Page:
The @Delegate annotation fully supports polymorphism by promoting not only the delegate class's methods to the outer class, but the delegate's interfaces as well. This means that if the delegate class implements an interface, you are back in the business of creating a drop-in replacement for it.


@Delegate and the List interface

Suppose that you would like to create a new class called FixedList. It should behave just like a java.util.ArrayList with one important distinction: you should be able to define an upper limit to the number of elements that you can add to it. This allows you to create a sportsCar variable that can seat up to two passengers but no more, a restaurantTable that can seat up to four diners but no more, and so on.

The ArrayList class implements the List interface. This gives you a couple of options. You could have your FixedList class implement the List interface as well, but then you are faced with the unsavory task of providing an implementation for all of the List methods. Because ArrayList isn't a final class, another option would be simply to have FixedList extend ArrayList. This is a perfectly valid course of action, but if (hypothetically) ArrayList were declared final, the @Delegate annotation provides a third option: by making an ArrayList a delegate of FixedList, you could get all of the behavior of an ArrayList while automatically implementing the List interface as well.

To begin, create the FixedList class with an ArrayList delegate, as shown in Listing 9. Do the groovyc / javap dance to verify that FixedList offers not only the same methods as an ArrayList, but also the same interfaces.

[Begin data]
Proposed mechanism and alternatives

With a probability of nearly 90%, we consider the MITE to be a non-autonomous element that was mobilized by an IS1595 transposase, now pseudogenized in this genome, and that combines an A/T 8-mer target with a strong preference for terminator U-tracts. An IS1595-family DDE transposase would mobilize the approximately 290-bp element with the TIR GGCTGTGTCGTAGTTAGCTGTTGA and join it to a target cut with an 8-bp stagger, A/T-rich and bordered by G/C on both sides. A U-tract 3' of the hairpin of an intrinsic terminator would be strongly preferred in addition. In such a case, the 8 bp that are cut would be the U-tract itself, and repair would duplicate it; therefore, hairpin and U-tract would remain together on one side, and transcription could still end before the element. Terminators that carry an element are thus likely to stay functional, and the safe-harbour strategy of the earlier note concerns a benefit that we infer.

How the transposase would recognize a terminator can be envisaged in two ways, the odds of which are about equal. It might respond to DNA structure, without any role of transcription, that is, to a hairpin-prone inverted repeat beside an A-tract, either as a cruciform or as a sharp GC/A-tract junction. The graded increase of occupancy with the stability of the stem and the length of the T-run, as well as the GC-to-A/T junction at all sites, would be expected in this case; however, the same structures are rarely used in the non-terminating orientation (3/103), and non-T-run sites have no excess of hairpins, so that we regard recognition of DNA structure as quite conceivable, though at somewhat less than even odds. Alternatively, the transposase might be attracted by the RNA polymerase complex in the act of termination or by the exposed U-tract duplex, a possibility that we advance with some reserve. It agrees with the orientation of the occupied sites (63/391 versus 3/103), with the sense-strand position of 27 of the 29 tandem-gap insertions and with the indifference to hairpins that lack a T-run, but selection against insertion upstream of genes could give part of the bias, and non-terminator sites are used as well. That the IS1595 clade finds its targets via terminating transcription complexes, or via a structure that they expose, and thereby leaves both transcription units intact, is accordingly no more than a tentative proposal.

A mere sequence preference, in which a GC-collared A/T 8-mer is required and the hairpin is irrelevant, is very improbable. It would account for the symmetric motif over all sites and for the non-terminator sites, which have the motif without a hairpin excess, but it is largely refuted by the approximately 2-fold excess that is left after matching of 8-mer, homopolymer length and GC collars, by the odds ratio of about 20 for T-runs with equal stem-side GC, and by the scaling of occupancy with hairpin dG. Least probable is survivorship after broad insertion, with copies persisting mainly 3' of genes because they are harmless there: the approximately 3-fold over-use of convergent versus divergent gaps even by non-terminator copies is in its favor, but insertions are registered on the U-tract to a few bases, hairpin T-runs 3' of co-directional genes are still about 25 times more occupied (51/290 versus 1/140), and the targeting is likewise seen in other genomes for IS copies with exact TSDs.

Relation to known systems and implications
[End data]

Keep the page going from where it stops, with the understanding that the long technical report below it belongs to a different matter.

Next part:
Listing 9. First pass at creating the FixedList class
class FixedList{
  @Delegate private List list = new ArrayList()
  final int sizeLimit
  
  /**
    * NOTE: This constructor limits the max size of the list,
    *  not just the initial capacity like an ArrayList.
    */
  FixedList(int sizeLimit){
    this.sizeLimit = sizeLimit
  }
}  

$ groovyc FixedList.groovy
$ javap FixedList
Compiled from "FixedList.groovy"
public class FixedList extends java.lang.Object 
             implements java.util.List,java.lang.Iterable,
             java.util.Collection,groovy.lang.GroovyObject{
    public FixedList(int);
    public java.lang.Object[] toArray(java.lang.Object[]);
    //snip..

You haven't done anything yet to constrain the size of the FixedList, but this is a good start. How can you verify that the size of a FixedList isn't, well, fixed at this point? You could write some throwaway sample code, but if FixedList is going into production, you'd be better served by immediately writing some test cases for it.


Testing @Delegate with GroovyTestCase

To begin testing @Delegate, write a unit test that proves that you can add more elements to a FixedList than you should be able to. Listing 10 shows such a test:

Listing 10. Writing a failing test first
class FixedListTest extends GroovyTestCase{
  
  void testAdd(){
    List threeStooges = new FixedList(3)
    threeStooges.add("Moe")    
    threeStooges.add("Larry")
    threeStooges.add("Curly")
    threeStooges.add("Shemp")      
    assertEquals threeStooges.sizeLimit, threeStooges.size()